Missing You By: Erica London


(2 customer reviews)

This book was solely written from a place of love, a place of which I had every hope that it would help my children heal and feel comfortable to grieve without judgement.

My hope is that it will not only touch your heart, but bring you to a place where you or even the young child you’re reading to feel comfortable to discuss your thoughts and express your emotions.

Most importantly to realize that you were/are blessed with being able to spend a part of your life with this family member that has passed on or even making preparations to do just that.








This 24 page book is written in the form of a poem that follows a young narrator as she experiences a wide array of feelings,  fears and memories while processing the loss of her beloved uncle.

The illustrations are not only thoughtful and vibrant, but they are followed by facts that would be beneficial to the adult reader as well as questions that can be asked of the child.



2 reviews for Missing You By: Erica London

  1. Donna Marie, NJ Reviewer

    Death, funerals and grief are touchy matters not easily understood by children. Author Erica London addresses the loss of a loved one (in this case, a girl losing an uncle), from the beginnings of missing him, wondering where he is and why everyone is crying. Family explains that Uncle is gone—and to a better place. The funeral itself, along with the goings-on of the experience, are beautifully depicted through the brilliant illustrations by Mayhara Ferraz. Emotions flow from one page to the next, with the sadness of his absence and the memories held dear that will keep him near—till they meet again. This book, through story and the welcome feature of back matter with wise suggestions and conversation starters, is a very helpful tool to guide children through the grieving process.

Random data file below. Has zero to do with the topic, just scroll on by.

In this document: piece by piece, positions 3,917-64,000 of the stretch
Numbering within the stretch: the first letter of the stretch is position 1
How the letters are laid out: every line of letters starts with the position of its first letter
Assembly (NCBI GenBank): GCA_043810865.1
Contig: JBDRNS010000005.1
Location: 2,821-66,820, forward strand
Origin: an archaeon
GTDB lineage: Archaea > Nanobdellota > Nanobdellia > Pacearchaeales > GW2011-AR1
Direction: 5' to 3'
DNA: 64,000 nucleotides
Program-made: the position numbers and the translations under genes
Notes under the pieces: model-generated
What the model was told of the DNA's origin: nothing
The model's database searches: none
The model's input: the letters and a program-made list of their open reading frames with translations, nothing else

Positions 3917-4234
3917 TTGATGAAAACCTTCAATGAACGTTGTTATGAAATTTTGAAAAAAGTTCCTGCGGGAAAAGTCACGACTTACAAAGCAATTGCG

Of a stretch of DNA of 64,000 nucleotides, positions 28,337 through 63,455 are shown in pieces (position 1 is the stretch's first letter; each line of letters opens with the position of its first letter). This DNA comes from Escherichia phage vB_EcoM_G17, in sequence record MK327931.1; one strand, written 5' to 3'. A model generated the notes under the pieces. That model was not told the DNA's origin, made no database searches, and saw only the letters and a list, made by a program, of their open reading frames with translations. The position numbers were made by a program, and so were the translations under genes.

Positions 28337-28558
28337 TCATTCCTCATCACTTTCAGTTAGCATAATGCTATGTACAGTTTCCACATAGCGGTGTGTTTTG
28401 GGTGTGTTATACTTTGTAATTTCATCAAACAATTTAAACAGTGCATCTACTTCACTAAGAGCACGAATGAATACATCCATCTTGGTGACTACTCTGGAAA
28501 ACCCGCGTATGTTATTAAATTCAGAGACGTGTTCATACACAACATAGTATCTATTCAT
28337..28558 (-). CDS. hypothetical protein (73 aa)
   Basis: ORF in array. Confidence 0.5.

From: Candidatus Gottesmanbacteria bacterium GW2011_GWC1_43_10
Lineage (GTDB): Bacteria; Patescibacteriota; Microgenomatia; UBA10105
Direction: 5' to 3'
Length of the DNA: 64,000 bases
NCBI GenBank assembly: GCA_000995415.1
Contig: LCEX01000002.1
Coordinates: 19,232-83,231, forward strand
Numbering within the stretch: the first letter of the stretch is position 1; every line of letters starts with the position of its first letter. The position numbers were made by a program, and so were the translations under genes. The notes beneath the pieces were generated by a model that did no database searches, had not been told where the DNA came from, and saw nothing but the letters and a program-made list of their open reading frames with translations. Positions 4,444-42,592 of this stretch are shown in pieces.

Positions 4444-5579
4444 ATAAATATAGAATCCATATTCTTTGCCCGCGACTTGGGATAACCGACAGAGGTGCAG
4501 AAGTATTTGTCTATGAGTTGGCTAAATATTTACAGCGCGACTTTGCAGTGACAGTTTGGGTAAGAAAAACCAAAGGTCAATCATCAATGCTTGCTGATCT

2. Dr. Melissa Sue-John

    Missing you” written by Erica London and illustrated by Mayhara Ferraz features a beautiful brown girl with curly hair standing with a photo in her hands on the book cover. Filled with colorful and detailed illustrations, rhymes (e.g., always and days), and homonyms (here and hear), this is an emotional but inspiring story about a little girl learning about and coping with the loss of her uncle. The illustrator uses diverse characters and different settings to show the importance of family and friends during the bereavement process. The author does a wonderful job showing that death isn’t the end because memories keep our loved ones near. The book ends with helpful tips for parents on explaining the passing of a loved one, conversation starters, and biographies of the author and illustrator.

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